The RESISTORS and the Software Show at the Jewish Museum

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Around 1970, Ted Nelson appeared and got a number of RESISTORS involved in preparing for a very forward-thinking show at the Jewish Museum in New York City called "Software," and subtitled "Information Technology: Its New Meaning for Art," which examined at the artistic possibilities related to information technology. The show was was controversial, and after it closed, the museum board reportedly voted that future exhibits have some direct relationship to Judaism.

Ted had arranged for Information Displays Inc. of Mount Kisco NY to lend one of their IDIIOM systems for the show. It consisted of a Varian 620/I minicomputer and IDI's line-drawing CRT-based display; this was at a time when graphic displays were rare and costly. We developed the software to implement a piece by conceptual artist Carl Fernbach-Flarsheim's called "The Conceptual Typewriter." John Levine, Peter Eichenberger, and Nat Kuhn did the programming, and Margy Levine and Lauren Sarno rendered the graphics for animations. The commuted up to Mt Kisco (about two hours on public transit) with our boxes of punch cards to get it running.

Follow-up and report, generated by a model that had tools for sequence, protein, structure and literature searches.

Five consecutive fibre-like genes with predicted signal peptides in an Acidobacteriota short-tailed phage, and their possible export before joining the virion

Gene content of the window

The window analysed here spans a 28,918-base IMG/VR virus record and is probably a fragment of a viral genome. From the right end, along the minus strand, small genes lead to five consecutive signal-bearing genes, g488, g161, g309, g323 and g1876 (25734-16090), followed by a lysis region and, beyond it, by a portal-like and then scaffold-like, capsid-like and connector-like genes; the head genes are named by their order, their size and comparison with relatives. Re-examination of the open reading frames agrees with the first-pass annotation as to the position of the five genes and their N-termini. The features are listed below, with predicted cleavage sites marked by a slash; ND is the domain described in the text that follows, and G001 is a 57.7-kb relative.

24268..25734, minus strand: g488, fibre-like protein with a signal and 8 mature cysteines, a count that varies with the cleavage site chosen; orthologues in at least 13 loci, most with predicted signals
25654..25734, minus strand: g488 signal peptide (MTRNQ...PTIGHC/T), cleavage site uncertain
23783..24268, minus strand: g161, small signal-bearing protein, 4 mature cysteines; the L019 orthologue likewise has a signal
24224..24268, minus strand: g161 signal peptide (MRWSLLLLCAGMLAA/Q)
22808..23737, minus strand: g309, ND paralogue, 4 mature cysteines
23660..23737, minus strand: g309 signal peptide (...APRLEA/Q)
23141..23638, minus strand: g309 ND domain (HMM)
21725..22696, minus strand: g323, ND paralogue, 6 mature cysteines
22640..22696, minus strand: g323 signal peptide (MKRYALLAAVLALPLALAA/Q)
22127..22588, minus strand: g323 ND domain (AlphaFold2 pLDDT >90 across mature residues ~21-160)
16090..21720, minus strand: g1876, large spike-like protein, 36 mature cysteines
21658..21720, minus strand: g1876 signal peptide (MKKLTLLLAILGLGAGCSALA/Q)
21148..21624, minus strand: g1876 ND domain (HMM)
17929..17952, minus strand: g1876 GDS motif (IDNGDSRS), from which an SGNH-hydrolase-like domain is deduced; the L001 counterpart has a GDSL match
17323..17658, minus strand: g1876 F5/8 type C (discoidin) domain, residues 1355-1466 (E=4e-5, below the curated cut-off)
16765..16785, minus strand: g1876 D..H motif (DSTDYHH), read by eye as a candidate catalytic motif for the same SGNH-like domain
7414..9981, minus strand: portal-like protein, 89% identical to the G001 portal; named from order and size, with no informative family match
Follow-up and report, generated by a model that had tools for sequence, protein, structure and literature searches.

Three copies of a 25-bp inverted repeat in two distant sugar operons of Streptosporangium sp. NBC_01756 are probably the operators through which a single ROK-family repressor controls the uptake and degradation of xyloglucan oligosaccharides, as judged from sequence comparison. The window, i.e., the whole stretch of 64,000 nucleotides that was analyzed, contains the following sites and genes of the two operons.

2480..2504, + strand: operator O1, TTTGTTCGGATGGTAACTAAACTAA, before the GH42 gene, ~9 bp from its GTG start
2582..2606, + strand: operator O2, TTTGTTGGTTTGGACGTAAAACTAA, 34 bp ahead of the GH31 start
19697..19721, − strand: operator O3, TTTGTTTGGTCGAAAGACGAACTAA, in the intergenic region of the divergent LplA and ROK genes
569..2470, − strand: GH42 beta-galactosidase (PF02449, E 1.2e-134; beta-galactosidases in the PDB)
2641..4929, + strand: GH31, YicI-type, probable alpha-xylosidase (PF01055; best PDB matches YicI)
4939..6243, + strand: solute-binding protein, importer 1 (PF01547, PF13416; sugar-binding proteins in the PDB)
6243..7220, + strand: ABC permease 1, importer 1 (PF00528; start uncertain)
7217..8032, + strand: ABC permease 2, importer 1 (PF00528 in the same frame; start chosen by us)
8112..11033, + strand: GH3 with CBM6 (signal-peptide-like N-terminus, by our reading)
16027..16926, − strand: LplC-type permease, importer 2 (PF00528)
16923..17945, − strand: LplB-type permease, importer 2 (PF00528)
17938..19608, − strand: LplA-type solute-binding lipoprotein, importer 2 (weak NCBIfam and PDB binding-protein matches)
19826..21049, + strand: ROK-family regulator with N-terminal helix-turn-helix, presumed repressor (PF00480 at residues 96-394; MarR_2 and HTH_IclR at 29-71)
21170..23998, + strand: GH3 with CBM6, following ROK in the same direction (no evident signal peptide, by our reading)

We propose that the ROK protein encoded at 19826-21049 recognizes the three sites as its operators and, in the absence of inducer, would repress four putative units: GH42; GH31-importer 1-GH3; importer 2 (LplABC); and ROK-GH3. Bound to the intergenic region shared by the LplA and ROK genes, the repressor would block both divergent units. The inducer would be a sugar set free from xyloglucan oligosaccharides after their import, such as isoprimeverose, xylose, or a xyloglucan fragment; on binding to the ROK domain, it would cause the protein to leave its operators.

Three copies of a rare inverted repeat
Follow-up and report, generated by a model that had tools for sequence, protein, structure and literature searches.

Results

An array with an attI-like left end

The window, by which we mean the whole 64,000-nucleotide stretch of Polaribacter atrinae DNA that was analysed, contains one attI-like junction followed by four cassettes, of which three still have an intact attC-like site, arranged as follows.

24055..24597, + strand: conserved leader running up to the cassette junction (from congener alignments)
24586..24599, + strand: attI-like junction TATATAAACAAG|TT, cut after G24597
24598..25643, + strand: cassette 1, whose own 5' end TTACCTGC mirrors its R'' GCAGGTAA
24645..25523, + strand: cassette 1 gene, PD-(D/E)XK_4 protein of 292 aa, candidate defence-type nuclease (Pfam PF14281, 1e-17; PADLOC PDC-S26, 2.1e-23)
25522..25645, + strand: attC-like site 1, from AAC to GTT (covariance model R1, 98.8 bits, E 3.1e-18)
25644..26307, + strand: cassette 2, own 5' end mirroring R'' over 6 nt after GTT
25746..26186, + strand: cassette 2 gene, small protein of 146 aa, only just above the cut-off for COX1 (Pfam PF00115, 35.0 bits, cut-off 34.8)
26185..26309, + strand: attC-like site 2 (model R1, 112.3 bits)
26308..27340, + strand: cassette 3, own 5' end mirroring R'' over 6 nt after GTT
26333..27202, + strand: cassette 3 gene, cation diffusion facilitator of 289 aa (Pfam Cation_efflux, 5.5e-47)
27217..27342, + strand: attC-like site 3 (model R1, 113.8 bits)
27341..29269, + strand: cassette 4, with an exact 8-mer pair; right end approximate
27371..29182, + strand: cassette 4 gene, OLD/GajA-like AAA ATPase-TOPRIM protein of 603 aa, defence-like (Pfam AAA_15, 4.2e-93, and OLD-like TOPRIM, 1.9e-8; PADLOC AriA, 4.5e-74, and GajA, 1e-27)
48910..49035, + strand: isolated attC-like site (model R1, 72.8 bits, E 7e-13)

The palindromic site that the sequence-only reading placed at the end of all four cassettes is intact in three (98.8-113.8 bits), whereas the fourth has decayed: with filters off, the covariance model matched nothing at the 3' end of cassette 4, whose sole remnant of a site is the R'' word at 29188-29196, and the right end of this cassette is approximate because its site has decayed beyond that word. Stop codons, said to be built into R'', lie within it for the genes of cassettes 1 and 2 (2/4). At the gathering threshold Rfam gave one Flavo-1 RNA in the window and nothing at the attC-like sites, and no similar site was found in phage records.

Nat Kuhn recalls: In addition to the piece by Carl Fernbach-Flarsheim, an artist named Agnes Denes had designed a piece to show conceptual relationships by stacking tetrahedra into a crystalline structure. What she didn't realize is that tetrahedra don't stack into a regular array. I remember a group of folks, including John and Margy's mother Ginny, puzzling this out in the Levines' kitchen one day. I felt very left out because, as a 7th grader, I hadn't had geometry yet and I couldn't understand what they were talking about.

The exhibit took place during the summer and the space was not adequately air conditioned. The Varian wouldn't work, until someone (Skip King?) went out and got a block of dry ice which we put under the Varian CPU... and the show went on!

One highlight was Nicholas Negroponte's Architecture Machine Group from MIT (this was before the founding of the Media Lab), brought a large plexiglass enclosure and a mechanical arm that would stack blocks, while gerbils running around in the enclosure would knock them over.